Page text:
A few weeks ago, the government of Honduras seized the property of one of the country’s leading businessmen – including the bank his family owned. The bank was liquidated, leaving over 200,000 local and foreign clients in the lurch.

Seizures and forced liquidations aren’t uncommon, of course. Courts all over the world order such things all the time when individuals or organizations are convicted of crimes. What made the Honduran case unusual is that there was no court, no trial and no crime.

You see, a relative of the Honduran businessman in question had been arrested in the U.S., where extrajudicial asset forfeiture is practiced.

In the Land of the Free, federal, state and local authorities can and do seize all sorts of property on just about any pretext, simply by asserting that the property (a car, a house, a farm, cash, etc.) is somehow associated with a crime. They don’t have to prove this – their own say-so is all they need. The owner of the seized property doesn’t have to be guilty of anything, or even be charged with a crime. Instead, he or she has to prove that the property isn’t “guilty.” Most of these owners never manage to come up with the money, time or other resources needed to do so. So they lose their property, which is usually sold for profit or used by the government.

Get While the Gettin’s Good

Knowing this, the Honduran government reasoned that it was likely that property in the U.S. belonging to the Honduran businessman’s family would be seized by the U.S. authorities. They concluded that if this happened, the businessman’s local bank might not be able to meet its commitments, angering a lot of local depositors who are also voters (or government officials).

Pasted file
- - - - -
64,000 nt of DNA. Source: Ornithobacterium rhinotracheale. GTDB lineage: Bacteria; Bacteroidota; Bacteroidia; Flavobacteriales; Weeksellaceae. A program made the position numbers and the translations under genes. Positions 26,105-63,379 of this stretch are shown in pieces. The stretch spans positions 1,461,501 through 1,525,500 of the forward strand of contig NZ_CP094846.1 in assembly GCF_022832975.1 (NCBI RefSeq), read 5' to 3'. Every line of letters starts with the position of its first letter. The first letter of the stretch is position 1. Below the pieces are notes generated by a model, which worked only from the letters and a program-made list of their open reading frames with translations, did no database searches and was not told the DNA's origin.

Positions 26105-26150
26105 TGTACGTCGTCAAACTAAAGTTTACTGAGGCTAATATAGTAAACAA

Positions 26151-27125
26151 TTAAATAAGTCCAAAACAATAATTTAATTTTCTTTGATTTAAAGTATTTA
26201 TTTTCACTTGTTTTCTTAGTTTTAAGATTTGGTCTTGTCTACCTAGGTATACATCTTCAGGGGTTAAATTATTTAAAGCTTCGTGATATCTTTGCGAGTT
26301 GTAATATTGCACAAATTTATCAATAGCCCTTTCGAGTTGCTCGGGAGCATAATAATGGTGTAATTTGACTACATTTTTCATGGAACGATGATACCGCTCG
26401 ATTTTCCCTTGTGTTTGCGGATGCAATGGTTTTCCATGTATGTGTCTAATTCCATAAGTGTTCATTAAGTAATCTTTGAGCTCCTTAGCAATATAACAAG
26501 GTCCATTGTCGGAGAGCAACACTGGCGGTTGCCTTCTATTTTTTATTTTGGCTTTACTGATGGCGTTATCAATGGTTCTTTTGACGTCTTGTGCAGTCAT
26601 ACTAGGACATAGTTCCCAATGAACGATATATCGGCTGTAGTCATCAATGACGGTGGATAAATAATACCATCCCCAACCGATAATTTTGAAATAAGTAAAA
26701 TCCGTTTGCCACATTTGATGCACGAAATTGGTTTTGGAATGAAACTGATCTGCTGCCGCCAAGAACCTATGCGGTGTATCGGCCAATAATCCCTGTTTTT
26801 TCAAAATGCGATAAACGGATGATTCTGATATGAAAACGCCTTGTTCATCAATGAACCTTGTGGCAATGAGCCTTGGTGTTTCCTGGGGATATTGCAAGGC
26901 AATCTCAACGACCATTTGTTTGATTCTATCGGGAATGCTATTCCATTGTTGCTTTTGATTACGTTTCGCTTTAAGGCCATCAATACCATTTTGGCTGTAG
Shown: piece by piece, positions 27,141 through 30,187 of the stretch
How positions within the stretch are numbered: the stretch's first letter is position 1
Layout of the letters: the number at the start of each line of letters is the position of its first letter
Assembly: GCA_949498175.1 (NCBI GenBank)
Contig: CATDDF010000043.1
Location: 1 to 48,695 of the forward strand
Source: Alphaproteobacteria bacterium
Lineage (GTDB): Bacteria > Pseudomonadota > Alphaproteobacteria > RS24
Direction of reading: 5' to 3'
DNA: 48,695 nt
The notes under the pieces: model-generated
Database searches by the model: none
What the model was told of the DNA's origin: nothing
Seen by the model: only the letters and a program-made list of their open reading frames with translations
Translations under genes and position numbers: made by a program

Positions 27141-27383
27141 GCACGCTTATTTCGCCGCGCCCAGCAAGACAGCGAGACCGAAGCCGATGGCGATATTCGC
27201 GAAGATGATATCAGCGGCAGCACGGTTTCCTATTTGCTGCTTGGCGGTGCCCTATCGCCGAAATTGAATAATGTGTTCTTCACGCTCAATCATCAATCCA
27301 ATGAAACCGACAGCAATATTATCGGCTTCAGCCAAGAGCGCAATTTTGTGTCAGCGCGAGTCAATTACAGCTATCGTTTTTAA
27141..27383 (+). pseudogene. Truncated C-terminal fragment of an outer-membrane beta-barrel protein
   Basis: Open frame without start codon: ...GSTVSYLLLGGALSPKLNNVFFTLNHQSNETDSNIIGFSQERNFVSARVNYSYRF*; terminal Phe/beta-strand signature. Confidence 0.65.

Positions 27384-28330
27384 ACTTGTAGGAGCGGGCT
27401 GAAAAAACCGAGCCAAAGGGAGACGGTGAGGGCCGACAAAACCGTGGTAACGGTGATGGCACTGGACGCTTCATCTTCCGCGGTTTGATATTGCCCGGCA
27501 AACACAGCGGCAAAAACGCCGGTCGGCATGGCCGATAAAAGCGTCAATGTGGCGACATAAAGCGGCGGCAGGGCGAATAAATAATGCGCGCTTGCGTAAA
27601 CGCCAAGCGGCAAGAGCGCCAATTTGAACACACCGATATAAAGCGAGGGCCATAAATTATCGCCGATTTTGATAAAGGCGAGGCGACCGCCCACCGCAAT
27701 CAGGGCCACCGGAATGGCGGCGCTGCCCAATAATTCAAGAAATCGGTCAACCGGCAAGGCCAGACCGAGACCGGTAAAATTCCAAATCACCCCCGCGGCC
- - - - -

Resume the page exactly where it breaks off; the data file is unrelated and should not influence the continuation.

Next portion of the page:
So to get a jump on the process, so to speak, the Honduran government seized the bank before the U.S. government could get their hands on related property. It was a preemptive raid, not based on any proven violation of Honduran or U.S. law, but rather on the knowledge that if they didn’t act first, the Yankees would. It’s like a scene in a Western movie where one set of robbers races another to catch up with the stagecoach.

You might think this is a sui generis case, shaped by the U.S.’ peculiar asset forfeiture practices. Maybe so… but the underlying logic behind Honduras’ action has recently been globalized.

One Global Tax System, But Many Governments

Here’s why: The G-20 recently adopted a global financial-information-exchange protocol, inspired by the U.S.’ Foreign Account Tax Compliance Act (FATCA). Over the next few years, financial institutions everywhere will be sucked into a web of reporting designed to ensure that nobody can keep money secret from any government. Whether they like it or not, banks will have to hand over client information to their own governments, who will then share it with others.

It’s easy to see how that will make tax enforcement easier. But it may also result in some nasty unintended consequences along the lines of the Honduras case.

If the G-20 data-sharing plan works as planned, government officials everywhere will be able to monitor changes in the offshore financial holdings of local individuals or businesses. This sort of intelligence could trigger precisely the sort of preemptive strikes that took place in Honduras. A big local business is losing money in its overseas operations? Better grab its local assets now, before a foreign court can seize them as part of a bankruptcy proceeding. Ditto for individuals.

The bottom line here is that, as always, government action – the G-20 reporting web – will create a new set of incentives that will have unpredictable consequences. The only thing we can be sure of is that government will look after its interests… not yours.

The world of offshore banks is becoming more complex. That’s why it is absolutely critical that you have an inside guide to the most recent developments… so you can stay one step ahead of the government thieves.